Hundreds of people have been killed since April 2018 in a violent crackdown on anti-government protests. The intensity of the demonstrations has dropped in recent weeks, but popular resentment of President Daniel Ortega ensures that the risk of mass protests will remain high. Nicaragua is expected to enter a recession this year as the political crisis has disrupted economic activity.
Government cuts to the pension system in April 2018 triggered nationwide protests that continue to be violently suppressed by the police and pro-government paramilitaries. More than 300 people are estimated to have been killed and thousands injured, but President Daniel Ortega has refused protesters’ demands to step down. The intensity of the protests has dropped in recent weeks, but the risk of political instability will remain high. There have been incidents of opportunistic looting in the capital, Managua, but in most cases commercial operations have not been directly targeted.
Shortly after protests began, the government scrapped the controversial social security reforms. However, the demonstrations have continued due to growing frustration with the rule of Ortega, who has won three consecutive elections after removing term limits. The violent crackdown may give rise to a growing number of anti-government armed groups, particularly in the north of the country. Cargo may face disruption across Nicaragua due to the on-going protests but roadblocks have been dismantled by security forces.
Civil unrest has undermined Nicaragua’s economic outlook, and real GDP is expected to contract by 0.9% in 2018. Declining economic activity will have a particularly adverse impact on the tourism, agricultural and construction sectors, and the current account deficit is expected to widen from 5% of GDP last year to 8% in 2018. Real GDP growth is forecasted to rebound to 3.9% in 2019 as the scale of the protests declines, but the risk of further political unrest will weigh on investor sentiment.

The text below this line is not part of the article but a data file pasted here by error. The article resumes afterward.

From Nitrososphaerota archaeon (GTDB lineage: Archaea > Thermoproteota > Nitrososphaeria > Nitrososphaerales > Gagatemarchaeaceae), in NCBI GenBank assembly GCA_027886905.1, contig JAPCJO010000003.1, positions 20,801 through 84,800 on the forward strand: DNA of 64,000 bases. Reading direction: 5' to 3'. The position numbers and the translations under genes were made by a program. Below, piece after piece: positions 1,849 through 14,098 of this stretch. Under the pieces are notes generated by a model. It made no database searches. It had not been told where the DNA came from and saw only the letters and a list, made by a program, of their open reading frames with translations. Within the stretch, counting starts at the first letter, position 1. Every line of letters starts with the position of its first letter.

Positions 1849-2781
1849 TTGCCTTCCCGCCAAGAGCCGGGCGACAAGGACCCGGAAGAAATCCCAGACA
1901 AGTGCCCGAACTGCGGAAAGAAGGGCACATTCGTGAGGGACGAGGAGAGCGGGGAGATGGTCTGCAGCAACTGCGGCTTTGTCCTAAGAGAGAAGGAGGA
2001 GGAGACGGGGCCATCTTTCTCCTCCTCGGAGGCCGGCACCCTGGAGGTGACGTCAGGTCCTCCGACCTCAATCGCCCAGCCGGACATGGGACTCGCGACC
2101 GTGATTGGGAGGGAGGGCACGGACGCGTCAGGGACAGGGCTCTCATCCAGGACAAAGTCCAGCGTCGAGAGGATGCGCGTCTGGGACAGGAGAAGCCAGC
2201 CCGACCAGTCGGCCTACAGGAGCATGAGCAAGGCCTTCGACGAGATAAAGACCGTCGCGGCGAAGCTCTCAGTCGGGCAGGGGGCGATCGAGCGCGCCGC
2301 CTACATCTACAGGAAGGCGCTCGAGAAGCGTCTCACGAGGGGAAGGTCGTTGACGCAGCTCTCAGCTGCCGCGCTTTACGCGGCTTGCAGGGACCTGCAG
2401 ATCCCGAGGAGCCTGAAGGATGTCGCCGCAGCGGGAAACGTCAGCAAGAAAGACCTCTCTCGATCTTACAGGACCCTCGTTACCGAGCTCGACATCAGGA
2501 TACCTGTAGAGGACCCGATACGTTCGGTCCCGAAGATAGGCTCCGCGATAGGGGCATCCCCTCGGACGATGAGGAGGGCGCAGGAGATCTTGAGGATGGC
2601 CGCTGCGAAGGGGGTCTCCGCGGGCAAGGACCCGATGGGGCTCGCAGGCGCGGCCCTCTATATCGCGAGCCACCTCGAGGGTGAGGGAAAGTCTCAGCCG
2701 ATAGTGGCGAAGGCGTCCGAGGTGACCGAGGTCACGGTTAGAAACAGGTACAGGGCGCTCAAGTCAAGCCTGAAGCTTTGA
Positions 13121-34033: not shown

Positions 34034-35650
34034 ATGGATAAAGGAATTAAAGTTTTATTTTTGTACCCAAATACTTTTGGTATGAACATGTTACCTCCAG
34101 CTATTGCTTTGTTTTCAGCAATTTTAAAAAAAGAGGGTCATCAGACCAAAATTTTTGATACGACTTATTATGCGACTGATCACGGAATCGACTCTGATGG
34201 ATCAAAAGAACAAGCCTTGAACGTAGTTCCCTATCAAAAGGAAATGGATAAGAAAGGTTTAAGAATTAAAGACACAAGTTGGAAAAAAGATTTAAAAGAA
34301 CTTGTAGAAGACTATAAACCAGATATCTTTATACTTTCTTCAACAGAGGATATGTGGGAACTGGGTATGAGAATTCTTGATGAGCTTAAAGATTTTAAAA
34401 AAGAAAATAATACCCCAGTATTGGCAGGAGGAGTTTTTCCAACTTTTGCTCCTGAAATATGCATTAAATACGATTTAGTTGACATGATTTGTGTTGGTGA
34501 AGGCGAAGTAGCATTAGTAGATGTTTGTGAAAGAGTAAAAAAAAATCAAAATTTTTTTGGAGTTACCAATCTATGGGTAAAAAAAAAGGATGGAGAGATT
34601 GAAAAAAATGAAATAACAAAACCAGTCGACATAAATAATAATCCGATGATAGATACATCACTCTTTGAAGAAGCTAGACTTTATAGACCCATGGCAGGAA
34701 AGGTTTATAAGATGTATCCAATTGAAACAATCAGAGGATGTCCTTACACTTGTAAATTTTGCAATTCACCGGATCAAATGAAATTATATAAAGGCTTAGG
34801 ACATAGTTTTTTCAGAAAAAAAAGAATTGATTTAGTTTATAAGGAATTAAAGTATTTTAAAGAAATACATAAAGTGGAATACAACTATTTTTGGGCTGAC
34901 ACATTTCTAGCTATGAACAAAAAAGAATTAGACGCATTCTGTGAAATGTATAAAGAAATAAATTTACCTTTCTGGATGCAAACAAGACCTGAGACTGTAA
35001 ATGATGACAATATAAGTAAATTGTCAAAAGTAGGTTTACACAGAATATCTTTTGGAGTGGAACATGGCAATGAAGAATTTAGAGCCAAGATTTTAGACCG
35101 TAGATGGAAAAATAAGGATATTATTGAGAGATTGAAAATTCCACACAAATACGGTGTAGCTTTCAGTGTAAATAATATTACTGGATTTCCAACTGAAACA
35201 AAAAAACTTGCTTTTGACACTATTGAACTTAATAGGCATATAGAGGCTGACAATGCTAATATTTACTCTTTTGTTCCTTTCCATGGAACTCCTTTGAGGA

Bank deposits fell by over 9% between the start of the year and the end of July 2018, and a further deterioration in the security situation could accelerate this trend. An increase in capital flight would make it difficult for Nicaragua to maintain its crawling-peg exchange rate and raise the risk that capital controls are imposed. Government debt is not especially high, at 41.8% of GDP in 2017, but is expected to rise steadily to 60% by 2027 due to outlays of social security, infrastructure and higher interest payments.
US foreign policy poses a risk to the prospect of an economic rebound next year. The US has long threatened to impose the Nicaraguan Investment Conditionality Act (NICA), which would make multilateral loans to Nicaragua conditional on democratic reforms. NICA is unlikely to be passed by the US Senate before 2019, but would block aid amounting to around 3% of GDP. This would have a particularly negative impact on the infrastructure sector, which has relied on financing from the Inter-American Development Bank. However, Nicaragua could seek financial assistance from alternative sources such as Russia.
Ortega has adopted a largely pragmatic approach towards foreign investment, and passed a law on public-private partnerships in October 2016 that seeks to attract investment in key sectors such as utilities and infrastructure. However, he has also eroded Nicaragua’s institutional independence by concentrating power in the executive.
Legal and regulatory risks are high. Changes to penal procedures in July 2017 granted judges the right to hear a range of criminal cases rather than go before a jury, increasing concerns about political interference in commercial disputes. A number of business groups have announced their support for anti-government protests, and companies deemed critical of the current administration may be audited or fined on regulatory grounds.
†† A number of markets are unwilling to write these risks due to on-going political unrest.
In this month's Risk Outlook, we also provide a detailed forward looking assessment of developments within the security, trading and investment environments for Nicaragua, Ethiopia, Mongolia and Kazakhstan all of which have been the subject of recent enquiries from JLT's client base.
The monthly Risk Outlook is supported by JLT’s proprietary country risk rating tool, World Risk Review (WRR) which provides risk ratings across nine insurable perils for 197 countries. The country risk ratings are generated by a proprietary, algorithm-based modelling system incorporating over 200 international sources of data.
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For further information, please contact Eleanor Smith, Senior Political Risk Analyst on +44 (0)121 626 7837 or email email@example.com.
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